Mayor Weiss then opened the joint City Council/Finance Committee meeting. He asked the members to limit their comments and discussion in this meeting and to concentrate on the overview presentation, saving the details for the next meeting. All members had previously received copies of the 2019 Budget Book (available on the city’s web site) and he hoped they had been able to study it.

Mr. Baker highlighted what he felt were the major issues for the city in 2019: 1) Operating revenue varied considerably month to month, but his experience indicated it would converge to the proposal by year-end, as it had before. 2) The Police, Fire, Public Works and Recreation departments’ union contracts must be agreed upon in 2019, and preliminary discussions indicated starting points could be much higher than the 2 percent cost of living adjustment (COLA) in the proposed budget. 3) Employee health care costs are rising 8.4 percent in 2019. 4) Expenditures not related to personal services constitute 29 percent of operating expenses and are increasing 12.2 percent year/year in the proposed budget.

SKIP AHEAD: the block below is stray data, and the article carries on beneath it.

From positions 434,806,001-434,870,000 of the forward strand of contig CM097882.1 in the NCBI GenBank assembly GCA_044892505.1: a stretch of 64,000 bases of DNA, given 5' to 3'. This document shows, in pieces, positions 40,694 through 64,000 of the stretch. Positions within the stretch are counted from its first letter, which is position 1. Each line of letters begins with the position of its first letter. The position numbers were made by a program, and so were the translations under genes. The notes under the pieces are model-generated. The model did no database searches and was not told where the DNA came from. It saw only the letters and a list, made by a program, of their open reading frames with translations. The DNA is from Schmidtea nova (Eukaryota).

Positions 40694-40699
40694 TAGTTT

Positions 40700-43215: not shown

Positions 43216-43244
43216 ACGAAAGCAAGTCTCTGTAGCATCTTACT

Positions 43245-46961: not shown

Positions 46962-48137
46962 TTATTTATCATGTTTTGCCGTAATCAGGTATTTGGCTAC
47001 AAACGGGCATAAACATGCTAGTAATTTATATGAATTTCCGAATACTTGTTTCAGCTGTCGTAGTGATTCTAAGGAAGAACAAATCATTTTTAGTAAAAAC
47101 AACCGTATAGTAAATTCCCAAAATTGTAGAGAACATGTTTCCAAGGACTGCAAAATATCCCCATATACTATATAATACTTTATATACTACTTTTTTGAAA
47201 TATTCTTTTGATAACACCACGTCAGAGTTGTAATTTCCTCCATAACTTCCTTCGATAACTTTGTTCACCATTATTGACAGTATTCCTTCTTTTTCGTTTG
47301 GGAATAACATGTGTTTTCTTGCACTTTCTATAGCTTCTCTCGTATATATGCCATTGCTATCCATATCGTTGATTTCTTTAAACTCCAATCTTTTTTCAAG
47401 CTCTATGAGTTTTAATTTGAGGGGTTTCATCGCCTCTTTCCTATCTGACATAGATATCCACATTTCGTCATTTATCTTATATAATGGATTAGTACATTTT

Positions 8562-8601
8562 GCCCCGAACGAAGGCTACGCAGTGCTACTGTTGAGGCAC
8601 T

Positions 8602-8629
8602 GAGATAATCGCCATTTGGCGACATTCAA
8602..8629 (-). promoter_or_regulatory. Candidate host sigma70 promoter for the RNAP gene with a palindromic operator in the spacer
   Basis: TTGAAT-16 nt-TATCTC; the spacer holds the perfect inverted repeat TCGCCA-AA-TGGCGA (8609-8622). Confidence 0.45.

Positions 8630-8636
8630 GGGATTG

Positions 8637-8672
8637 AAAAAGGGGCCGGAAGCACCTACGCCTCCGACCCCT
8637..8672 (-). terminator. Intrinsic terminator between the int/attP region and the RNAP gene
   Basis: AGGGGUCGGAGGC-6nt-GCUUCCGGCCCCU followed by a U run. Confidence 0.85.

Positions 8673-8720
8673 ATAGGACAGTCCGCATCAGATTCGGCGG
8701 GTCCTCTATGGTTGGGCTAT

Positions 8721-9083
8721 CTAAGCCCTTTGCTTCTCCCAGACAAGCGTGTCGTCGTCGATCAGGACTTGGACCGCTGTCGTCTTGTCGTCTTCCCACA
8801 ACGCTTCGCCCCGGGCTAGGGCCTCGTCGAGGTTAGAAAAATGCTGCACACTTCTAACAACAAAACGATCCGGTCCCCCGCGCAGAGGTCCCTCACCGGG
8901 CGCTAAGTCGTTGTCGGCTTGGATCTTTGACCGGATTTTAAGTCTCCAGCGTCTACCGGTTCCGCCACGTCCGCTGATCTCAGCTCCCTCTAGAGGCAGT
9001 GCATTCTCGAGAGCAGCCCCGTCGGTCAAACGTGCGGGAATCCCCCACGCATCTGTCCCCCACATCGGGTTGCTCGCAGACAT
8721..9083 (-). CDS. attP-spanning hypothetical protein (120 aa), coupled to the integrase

Ms. Lalley asked why the proposed budget resulted in a $16 million General Fund end-of-year reserve in 2019 rather than adhering to the ordained “20 percent of yearly expenditures” minimum, which would be $10M. Mayor Weiss replied that maintaining a 33 percent reserve in the General Fund positively influenced the city’s credit rating; a 20 percent reserve would significantly increase borrowing costs. He continued that the uncertainty of labor negotiation outcomes would also recommend a conservative reserve goal. Mr. Malone asked about the source of the $1,295,730 operating revenue increase in the table on page 10 of the presentation, which is more than double the $600,000 increase in 2017-2018. Mr. Baker said that $500,000 of the $650,000 difference is the result of property tax reappraisals in 2018; “other taxes,” charges for services and investment income, accounted for the rest. Mr. Cicarella mentioned the talk of recession in the news lately and asked Mr. Baker to comment on the city’s experience during 2008-2009. Mr. Baker answered that the city did not collapse, but experienced a slow decline; the biggest impact occurred in 2011 when Ohio abolished the estate tax. Earl Williams echoed Mr. Baker’s comment on the loss of the estate tax revenue, which concerns him regarding the city’s capital budget. Julianna Senturia asked for an explanation of the 40 percent increase in transfer from the general fund to the recreation fund in 2019. Mr. Baker replied that the city in some years allowed the recreation fund to shrink in value, but stopped in 2018 and will replenish from revenues in 2019.